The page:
Why The Gourmet Coffee Craze

Author Resource: Dean Caporella is a professional broadcaster and by his own admission; a semi coffee addict.

Reblog from: FX777 CoffeeWorld | Fernando Lachica   <||> Okay, coffee isn’t what it used to be. Drinking coffee today is almost like sampling wine. Fine taste, smooth texture, good body… gourmet coffee has become the buzz word in coffee circles.

For a confessed caffeine addict like myself, the change in the way I look at coffee these days has been amazing. I put it down to the many varieties of gourmet coffee now available. Just walk into your favorite coffee shop and what used to be a simple procedure of asking for a coffee, two sugars and cream is now a few minutes of deep deliberation as you scan up and down the price board to decide whether you want a flat white, latte, cappuccino… and the list goes on.

Isn’t all coffee created equal? Not if you talk to gourmet coffee experts. Terms like nitrogen flushed to retain freshness; hand picked beans; roasted to perfection and so and so on. Columbian blend, french roasted, Kenya blend… brewing at the right temperature; whether to freeze or not to freeze coffee beans: I swear, you nearly need to have a degree in coffee drinking just to decipher the maze of gourmet coffee and coffee language out there.

Make no mistake, gourmet coffee has become big business. Not just for drinkers but now giving gourmet coffee as a gift has become ritzy. I visited a friend recently who has bought himself a coffee maker. “Would you like a coffee,” he asked. “Sure would,” I replied.

“Great,” he said. “One of the best cappuccinos you’ll ever have coming right up.”

Then I watched him go to work. It was sheer artistry. First he ground the beans; then he warmed the water; and then with pinpoint accuracy he heated the milk to the right temperature. “Here you are. Enjoy that,” he said proudly as he offered me the coffee. Sarcastically I replied…”That’s great. Just as well I wasn’t in a hurry!”

Where did the term gourmet coffee originate? Well, as far as I can ascertain, a gourmet coffee blend probably includes coffee beans from a variety of origins. A gourmet coffee blend may include beans from Columbia and Kenya along with a touch of Costa Rica and Brazil. As opposed to single origin coffee which originate from one source. So a gourmet coffee blend is a little like a mixed marriage…or an even better analogy would be like a Deep Space Nine gathering of a variety of different universal characters. Now I’m getting deep.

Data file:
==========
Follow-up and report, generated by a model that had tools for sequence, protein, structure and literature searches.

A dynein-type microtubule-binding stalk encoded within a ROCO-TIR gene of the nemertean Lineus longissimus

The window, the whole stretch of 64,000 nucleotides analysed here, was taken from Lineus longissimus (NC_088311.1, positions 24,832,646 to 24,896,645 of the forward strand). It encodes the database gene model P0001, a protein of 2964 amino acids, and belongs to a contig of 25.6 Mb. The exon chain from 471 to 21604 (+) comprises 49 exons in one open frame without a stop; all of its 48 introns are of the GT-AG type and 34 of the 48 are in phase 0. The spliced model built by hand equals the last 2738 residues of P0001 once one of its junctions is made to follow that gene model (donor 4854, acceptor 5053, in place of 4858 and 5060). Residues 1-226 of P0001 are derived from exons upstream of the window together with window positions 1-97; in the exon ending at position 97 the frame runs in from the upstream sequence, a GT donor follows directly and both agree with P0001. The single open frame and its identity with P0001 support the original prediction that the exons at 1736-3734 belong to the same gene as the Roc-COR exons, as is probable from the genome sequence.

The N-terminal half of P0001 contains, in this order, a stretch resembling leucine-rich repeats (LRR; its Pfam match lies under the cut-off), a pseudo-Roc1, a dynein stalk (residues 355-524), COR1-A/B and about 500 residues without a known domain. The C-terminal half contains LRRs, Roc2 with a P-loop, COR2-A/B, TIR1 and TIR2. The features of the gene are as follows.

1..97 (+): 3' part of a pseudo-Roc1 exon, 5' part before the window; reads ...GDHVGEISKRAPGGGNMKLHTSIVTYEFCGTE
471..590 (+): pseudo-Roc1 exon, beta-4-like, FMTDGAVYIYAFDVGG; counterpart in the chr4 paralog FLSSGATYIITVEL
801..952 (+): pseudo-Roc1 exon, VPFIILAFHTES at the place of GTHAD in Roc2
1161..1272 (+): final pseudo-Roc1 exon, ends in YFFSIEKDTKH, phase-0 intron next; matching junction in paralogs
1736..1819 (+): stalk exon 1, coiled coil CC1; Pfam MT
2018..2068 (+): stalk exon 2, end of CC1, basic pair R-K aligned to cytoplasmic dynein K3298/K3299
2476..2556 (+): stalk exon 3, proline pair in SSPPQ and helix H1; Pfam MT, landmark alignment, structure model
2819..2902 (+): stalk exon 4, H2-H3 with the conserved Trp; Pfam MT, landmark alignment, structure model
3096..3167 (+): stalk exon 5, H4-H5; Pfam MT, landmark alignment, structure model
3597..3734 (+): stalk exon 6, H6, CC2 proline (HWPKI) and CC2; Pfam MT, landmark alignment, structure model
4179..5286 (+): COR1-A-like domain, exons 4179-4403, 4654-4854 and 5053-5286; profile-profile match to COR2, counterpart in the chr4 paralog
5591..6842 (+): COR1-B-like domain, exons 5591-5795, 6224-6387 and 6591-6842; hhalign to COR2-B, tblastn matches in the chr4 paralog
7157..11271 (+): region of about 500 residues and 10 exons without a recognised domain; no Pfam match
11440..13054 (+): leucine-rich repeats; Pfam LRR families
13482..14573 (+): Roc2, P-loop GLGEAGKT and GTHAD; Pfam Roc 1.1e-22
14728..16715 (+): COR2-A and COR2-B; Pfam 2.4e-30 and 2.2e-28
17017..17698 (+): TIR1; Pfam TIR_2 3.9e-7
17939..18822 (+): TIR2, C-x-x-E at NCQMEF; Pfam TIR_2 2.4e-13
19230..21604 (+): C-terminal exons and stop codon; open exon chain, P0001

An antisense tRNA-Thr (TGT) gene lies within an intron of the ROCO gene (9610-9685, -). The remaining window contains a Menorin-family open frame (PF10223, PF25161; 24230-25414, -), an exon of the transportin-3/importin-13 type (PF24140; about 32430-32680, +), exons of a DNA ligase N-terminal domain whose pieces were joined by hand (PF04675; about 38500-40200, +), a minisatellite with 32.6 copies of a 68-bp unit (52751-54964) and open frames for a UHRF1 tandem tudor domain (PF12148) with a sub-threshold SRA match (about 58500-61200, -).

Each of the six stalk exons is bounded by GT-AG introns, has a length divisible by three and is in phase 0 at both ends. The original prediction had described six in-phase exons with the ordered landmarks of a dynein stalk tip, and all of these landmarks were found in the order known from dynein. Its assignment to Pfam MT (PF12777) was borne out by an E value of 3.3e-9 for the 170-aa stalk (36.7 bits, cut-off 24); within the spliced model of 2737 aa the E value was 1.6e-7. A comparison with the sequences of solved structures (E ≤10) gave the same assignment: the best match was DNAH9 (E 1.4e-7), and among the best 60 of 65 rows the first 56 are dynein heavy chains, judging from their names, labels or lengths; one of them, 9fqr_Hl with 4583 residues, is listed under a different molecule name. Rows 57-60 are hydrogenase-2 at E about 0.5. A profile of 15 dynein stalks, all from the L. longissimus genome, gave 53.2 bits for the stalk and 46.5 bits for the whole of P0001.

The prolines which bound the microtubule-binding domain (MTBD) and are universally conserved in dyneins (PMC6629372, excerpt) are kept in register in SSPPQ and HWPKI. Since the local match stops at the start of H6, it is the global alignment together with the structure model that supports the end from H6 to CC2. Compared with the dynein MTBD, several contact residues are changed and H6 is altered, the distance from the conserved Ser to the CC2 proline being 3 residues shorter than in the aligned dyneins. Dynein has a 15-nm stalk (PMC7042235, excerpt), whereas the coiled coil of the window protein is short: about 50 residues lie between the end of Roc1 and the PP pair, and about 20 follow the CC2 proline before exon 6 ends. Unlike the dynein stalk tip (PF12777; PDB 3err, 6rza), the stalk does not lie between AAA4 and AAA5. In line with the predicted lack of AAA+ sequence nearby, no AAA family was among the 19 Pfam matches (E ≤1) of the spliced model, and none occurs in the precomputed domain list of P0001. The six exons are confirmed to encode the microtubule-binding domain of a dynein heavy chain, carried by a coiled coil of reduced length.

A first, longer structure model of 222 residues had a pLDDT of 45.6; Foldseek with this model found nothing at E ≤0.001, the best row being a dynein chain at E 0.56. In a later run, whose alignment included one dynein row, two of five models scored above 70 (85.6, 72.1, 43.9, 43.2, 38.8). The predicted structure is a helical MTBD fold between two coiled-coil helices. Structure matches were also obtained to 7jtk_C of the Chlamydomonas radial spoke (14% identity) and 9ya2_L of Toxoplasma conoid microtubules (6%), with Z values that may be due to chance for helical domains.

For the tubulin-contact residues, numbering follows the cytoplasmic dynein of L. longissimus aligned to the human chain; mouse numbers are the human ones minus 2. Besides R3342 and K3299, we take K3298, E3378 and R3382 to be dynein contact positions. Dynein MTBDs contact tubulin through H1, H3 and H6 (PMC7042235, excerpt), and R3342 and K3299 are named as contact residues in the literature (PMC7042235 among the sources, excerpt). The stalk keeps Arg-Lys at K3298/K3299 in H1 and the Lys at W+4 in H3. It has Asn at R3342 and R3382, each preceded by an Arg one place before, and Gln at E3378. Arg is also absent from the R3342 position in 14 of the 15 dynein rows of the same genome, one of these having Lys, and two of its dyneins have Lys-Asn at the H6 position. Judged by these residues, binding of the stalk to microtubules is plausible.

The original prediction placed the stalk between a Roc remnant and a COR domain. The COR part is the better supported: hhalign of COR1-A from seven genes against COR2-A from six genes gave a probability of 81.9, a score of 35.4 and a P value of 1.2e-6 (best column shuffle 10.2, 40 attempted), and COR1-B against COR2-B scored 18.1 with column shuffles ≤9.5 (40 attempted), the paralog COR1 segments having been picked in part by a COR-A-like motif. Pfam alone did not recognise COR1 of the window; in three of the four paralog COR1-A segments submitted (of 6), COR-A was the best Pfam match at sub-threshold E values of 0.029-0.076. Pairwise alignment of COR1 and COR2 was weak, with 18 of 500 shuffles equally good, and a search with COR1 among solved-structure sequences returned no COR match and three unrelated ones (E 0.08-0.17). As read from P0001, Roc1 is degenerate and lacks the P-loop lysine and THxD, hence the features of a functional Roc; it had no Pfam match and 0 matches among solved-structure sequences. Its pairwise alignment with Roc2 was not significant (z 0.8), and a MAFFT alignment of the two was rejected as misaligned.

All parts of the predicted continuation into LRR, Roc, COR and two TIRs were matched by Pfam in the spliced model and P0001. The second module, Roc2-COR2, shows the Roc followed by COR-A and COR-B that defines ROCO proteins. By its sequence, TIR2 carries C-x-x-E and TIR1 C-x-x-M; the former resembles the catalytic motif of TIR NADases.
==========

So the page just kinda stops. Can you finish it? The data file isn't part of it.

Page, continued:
Whatever your preference, one thing that is certain, that gourmet coffee is here to stay. An single origin coffee lovers will just have to get used to the idea.

ABOUT THE AUTHOR: A freelance writer who meticulously structured and maintained blogs just for you: A LIFE SO FAR AWAY and my other blog: OFW: THIS IS MY LIFE AND STORY  Thank you for your valuable time. Follow my business & writings and you’ll find what life’s meant to be.

Bloglink:   http://fx777-coffeeworld.blogspot.com/2012/04/why-gourmet-coffee-craze.html#.T3nMgpxCijQ.facebook


My First Time Away from Home

A Reblog | Steph’s Shenanigans <>Up until I was 23, I lived at home with my parents.  I was sitting comfortably in a rent-free home with all the food I can ask for.  I was going to school and working part-time.  All the money I made from my job was to pay for my cell phone bill, going out, and buying crap food that was terrible for me.

Throughout most of high school and pretty much all of my undergrad, I lived off of chicken fingers that were pre-cooked, packaged, and frozen: with a side of sweet and spicy Thai sauce, of course.